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Study: miniature brains may help cure disease

Biologists have used stem cells from patients with a devastating disorder called Timothy syndrome, to grow miniature brains in a lab dish, according to a new study reported in the journal Nature on Wednesday.

Scientists hope the findings will help prevent or cure the rare disorder that can lead to severe epilepsy and autism.

The so-called “mini-brains” called organoids will mimic severe psychiatric and neurological diseases such as schizophrenia, autism, and Alzheimer’s much better than mouse brains to reveal what goes wrong and offering a testing ground for experimental treatments, researchers hope.

A second study, also published in Nature Wednesday, described growing hundreds of cerebral organoids from the stem cells of healthy people for up to nine months and longer in special bioreactors. The miniature brains developed dozens of kinds of brain cells pulsing with the same kind of electrical activity that enables human brains.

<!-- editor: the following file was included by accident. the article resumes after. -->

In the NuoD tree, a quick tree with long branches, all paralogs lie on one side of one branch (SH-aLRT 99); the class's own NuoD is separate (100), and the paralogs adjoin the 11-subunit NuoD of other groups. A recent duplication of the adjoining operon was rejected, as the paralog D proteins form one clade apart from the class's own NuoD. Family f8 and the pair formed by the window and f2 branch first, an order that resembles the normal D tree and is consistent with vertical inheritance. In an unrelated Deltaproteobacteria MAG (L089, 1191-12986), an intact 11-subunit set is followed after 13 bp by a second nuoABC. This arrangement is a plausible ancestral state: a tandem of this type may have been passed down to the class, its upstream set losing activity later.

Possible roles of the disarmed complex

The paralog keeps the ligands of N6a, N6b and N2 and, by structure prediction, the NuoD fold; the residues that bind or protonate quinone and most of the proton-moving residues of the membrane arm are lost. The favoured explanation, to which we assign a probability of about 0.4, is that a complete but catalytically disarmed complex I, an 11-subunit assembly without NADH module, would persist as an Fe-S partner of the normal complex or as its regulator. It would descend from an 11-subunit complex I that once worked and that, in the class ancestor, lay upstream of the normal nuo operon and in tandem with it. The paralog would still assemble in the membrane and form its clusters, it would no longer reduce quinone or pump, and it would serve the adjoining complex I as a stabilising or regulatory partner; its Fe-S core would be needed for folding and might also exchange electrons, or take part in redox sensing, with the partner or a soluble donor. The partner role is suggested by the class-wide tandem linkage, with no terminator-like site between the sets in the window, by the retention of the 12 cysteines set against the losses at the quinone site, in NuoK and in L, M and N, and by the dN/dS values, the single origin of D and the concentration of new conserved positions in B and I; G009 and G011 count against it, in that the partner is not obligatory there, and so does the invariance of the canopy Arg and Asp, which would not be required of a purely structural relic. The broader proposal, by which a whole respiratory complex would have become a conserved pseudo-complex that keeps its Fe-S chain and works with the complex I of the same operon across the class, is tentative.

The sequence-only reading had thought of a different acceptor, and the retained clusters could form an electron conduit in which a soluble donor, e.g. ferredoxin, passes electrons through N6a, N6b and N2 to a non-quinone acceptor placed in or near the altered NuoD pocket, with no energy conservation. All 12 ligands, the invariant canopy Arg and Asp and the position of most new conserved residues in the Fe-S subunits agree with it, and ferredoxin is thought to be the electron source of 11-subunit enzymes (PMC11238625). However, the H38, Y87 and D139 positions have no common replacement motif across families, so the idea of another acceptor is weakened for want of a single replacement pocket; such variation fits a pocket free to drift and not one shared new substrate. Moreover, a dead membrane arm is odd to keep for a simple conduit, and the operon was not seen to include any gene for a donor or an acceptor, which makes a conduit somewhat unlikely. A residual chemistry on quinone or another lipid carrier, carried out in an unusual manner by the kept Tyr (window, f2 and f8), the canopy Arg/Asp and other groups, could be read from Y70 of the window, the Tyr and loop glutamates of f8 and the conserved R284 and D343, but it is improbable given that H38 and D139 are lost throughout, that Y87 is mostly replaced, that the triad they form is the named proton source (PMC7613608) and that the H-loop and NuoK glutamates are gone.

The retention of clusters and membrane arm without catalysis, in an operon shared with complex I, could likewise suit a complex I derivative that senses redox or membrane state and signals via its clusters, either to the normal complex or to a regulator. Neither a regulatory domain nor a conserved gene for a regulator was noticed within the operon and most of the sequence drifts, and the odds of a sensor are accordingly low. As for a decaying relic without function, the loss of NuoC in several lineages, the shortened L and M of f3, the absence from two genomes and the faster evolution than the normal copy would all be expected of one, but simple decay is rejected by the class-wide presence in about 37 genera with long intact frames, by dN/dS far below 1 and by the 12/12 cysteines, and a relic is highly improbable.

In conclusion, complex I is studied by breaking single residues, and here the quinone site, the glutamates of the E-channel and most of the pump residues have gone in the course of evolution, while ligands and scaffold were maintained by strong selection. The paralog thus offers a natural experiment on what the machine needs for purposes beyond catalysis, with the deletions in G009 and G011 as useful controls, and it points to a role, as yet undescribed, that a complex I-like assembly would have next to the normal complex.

“This shows that the approach has much greater potential than we ever imagined,” said Juergen Knoblich, of the Institute of Molecular Biotechnology in Austria, who was not involved in the study. “They’ve shown that if you keep [the mini-brain] growing for a long enough time, it will generate the whole repertoire of cells we see in the human brain.”

The new discoveries “give us unprecedented ways of looking at a human brain and its development,” said biologist Timothy O’Brien, of the University of Minnesota, who has also produced brain organoids from stem cells and was not involved in the new work. A key advance in both studies, he said, was “uncovering more layers of complexity, showing that these things really do look like human brains.”

In the Timothy syndrome study, scientists at Stanford University School of Medicine began with human cells called fibroblasts, donated by three patients.,They  returned the cells to an embryo-like stem cell state. By adding the proper nutrients, the researchers could not only spur these stem cells to grow into brain cells — done for more than a decade — but to form little balls called cortical spheroids.

The spheroids, “help us see how brain development goes awry in patients with the different mutations linked to Timothy syndrome.,” said one of the Stanford researchers, Dr. Sergiu Pasca.

By: David Beasley Staff Writer

Source: Nature

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